One of the differentiating features of an IaaS cloud implementation, is that you do not get access to a consolidated scalable storage infrastructure. At least not in the same way that you might expect if you were just scaling out compute nodes attached to the same SAN. You get remote block storage (Elastic Block Storage, EBS, in the case of Amazon) connected to a specific machine image, and you get REST-style object storage (Simple Storage Service, S3, in the case of Amazon) which is shared amongst images but does n0t speak the traditional APIs.
A lot of people have become dependent on EBS as it seems closest to what they are used to. Amazon failed because of simultaneous failure of its EBS in two Availability zones. If you were dependent on one of these (or mirrored across the two) you lost access to the filesystem from your Instances. It is also worth noting that EBS images are not like CIFS or NFS filesystems in that they can only be attached from a single instance, so you are still left with a bunch of headaches if you have a replicated mid-tier that expects to see a filesystem (for example to retrieve unstructured data). It may be sensible to move to the use of the S3 mechanism (or some portable abstraction over it) for new applications, but if you have an existing application that expects to see a filesystem in the traditional way, this will require you to rewrite your code, so you are left looking for a distributed cloud-agnostic shared filesystem with multi-way replication (including asynchronous replication), and this is where Gluster fits in. Continue reading Is Gluster the answer to Scalable Cloud Storage and the Amazon Outage?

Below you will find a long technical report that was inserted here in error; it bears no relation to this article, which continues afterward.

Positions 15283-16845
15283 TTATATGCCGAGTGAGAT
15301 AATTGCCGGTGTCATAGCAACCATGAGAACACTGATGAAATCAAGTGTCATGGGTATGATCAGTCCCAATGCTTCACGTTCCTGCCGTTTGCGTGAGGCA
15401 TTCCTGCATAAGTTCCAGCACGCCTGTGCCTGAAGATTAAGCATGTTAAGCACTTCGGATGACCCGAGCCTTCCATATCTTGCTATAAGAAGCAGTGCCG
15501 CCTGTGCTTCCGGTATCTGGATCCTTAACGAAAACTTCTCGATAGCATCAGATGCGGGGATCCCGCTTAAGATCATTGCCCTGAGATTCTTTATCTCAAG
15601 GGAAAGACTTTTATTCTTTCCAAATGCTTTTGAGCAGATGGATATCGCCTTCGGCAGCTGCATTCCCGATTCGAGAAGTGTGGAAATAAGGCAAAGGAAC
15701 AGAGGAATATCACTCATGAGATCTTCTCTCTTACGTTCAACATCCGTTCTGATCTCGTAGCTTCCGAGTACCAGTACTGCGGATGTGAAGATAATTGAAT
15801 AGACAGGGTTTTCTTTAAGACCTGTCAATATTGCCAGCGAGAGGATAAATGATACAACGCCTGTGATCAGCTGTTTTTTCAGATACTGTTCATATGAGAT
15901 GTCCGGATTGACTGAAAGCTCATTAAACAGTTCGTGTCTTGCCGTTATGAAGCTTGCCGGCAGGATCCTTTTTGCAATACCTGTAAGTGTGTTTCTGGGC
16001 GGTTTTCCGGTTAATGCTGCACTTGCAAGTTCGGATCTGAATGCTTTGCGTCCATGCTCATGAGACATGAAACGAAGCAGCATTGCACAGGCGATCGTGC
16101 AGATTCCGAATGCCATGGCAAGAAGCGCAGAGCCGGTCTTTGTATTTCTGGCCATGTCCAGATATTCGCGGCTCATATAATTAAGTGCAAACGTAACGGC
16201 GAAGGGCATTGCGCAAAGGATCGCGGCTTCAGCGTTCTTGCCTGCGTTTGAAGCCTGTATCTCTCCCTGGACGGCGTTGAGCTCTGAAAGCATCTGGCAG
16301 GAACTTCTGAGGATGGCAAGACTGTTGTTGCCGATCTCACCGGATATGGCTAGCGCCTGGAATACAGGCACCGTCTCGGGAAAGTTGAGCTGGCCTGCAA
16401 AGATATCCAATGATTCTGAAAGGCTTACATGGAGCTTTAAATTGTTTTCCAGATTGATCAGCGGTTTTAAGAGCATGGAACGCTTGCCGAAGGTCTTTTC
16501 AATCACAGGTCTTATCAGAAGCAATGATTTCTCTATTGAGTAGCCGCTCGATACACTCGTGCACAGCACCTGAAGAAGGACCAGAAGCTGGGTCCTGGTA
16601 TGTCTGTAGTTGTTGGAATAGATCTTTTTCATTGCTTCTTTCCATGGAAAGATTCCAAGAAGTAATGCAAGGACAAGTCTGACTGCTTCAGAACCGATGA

Over the last few weeks, VMware (as we indicated in an earlier post) and Red Hat have initiated two very similar initiatives known respectively as CloudFoundry and OpenShift. These are Platform as a Service (PaaS) plays, being developed for the longer term, primarily looking to encourage the development of (and thereafter to provide infrastructure for) applications specificallysuited to the the cloud. In this article we compare and contrast the two offerings and discuss their significance for the PaaS market as a whole. Continue reading VMware’s CloudFoundry and Red Hat’s OpenShift – Compare and Contrast